But I never regretted attending Cartwright for one second. And I have never felt that my high school education was subpar due to the size of my school. Our high school experience wasn’t like what you see in movies, true. But for me it was better.
Let me tell you a few things. Out of the 24 people who graduated alongside me, three quarters were on the honour roll. For basically our entire high school career. We were forced to take advanced classes (or university-type classes, whatever it is now in the Ontario curriculum), because we didn’t have the resources to also offer general or basic classes. Also, all of us went on to post secondary education. ALL of us.
Skipping class was very rare unless you were old enough to drive, because where would you go? There are two convenience stores in Blackstock, and that’s it. You think you’re going to skip class to hang out at the convenience store? I don’t think so. And pretending to ride the tractors across the street got old pretty fast. So until at least Grade 11, skipping was pretty much unheard of.
I was on the basketball team and I didn’t even have to try out.
Which was a good thing because I wouldn’t have made it. I sucked. Our whole team sucked. We lost every single game, by a LOT. And we definitely had the worst looking uniforms of any school we played against. But it was a TON of fun.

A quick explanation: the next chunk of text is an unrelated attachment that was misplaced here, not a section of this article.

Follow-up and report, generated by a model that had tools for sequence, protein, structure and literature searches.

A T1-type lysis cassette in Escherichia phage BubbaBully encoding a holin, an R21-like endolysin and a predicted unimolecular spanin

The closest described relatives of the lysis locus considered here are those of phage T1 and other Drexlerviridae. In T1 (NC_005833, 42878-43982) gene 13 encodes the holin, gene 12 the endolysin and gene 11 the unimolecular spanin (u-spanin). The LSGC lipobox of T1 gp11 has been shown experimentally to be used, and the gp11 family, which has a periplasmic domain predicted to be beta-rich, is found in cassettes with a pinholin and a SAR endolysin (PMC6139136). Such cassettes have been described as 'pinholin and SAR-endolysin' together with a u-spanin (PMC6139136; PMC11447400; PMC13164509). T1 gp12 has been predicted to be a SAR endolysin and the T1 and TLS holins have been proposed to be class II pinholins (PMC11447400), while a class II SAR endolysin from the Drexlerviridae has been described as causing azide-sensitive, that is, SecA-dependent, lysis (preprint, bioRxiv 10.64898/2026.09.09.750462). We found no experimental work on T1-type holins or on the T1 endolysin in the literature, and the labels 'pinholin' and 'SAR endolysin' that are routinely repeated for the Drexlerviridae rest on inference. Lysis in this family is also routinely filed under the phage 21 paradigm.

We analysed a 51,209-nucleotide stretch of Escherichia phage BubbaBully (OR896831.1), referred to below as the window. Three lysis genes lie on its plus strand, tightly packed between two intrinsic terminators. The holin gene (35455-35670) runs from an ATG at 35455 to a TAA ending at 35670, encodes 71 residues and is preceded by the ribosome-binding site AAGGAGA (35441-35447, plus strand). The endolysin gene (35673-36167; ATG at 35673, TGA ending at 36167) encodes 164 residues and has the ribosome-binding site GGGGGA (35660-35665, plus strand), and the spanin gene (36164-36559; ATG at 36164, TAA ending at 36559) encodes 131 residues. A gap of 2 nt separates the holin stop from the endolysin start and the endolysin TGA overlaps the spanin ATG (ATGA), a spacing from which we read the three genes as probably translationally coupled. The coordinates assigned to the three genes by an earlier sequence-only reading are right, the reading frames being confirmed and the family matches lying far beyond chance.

Bullying was pretty much unheard of, because you were basically friends with everyone. Grade 9’s were friends with Grade 12’s.
You knew every student, and probably their parents. I didn’t get nervous about public speaking or performing in plays, or making a general fool of myself because I knew everyone.
We were always encouraged to just be ourselves. I went to prom (or formal) every year from grades 9-12. Our whole school did. Every event we had was an entire school event.
I made the best friends of my life. We had all of our classes together, so we grew so close, and are still very close now. I see them all about once a month, and you will probably recognize them as they pop up on here regularly.
Cartwright High School isn’t just a high school, it is a community. It is almost like a big family. CHS shaped who I am. Going to that school gave me the confidence to just be me.
And I am sad that other students will not get the chance to experience this, but will now be forced to attend a much larger school with about 2,000 students. I had a choice of which school I wanted to go to when I was graduating Grade 8, the big one, or the small one. I chose the small and never regretted it. But now students will not get that choice.
There will be a celebration for Cartwright High School on Friday, May 24 at the school. Here is the info:
The Open House begins at 1:15 PM with a visit to students working in classrooms. Decade Rooms will be open from 3:00 until 9:00 PM with displays and memorabilia. This will provide an opportunity for reflection and shared memories. A light lunch will also be provided (sign me up for that).
Also, if you are a former Cartwright HS student reading this please note there will be slideshows set up in the decade rooms. If you would like to contribute your photos, please send them to firstname.lastname@example.org. And tell all your friends!
And if you are not a CHS alumni, tell me something about what made your high school great!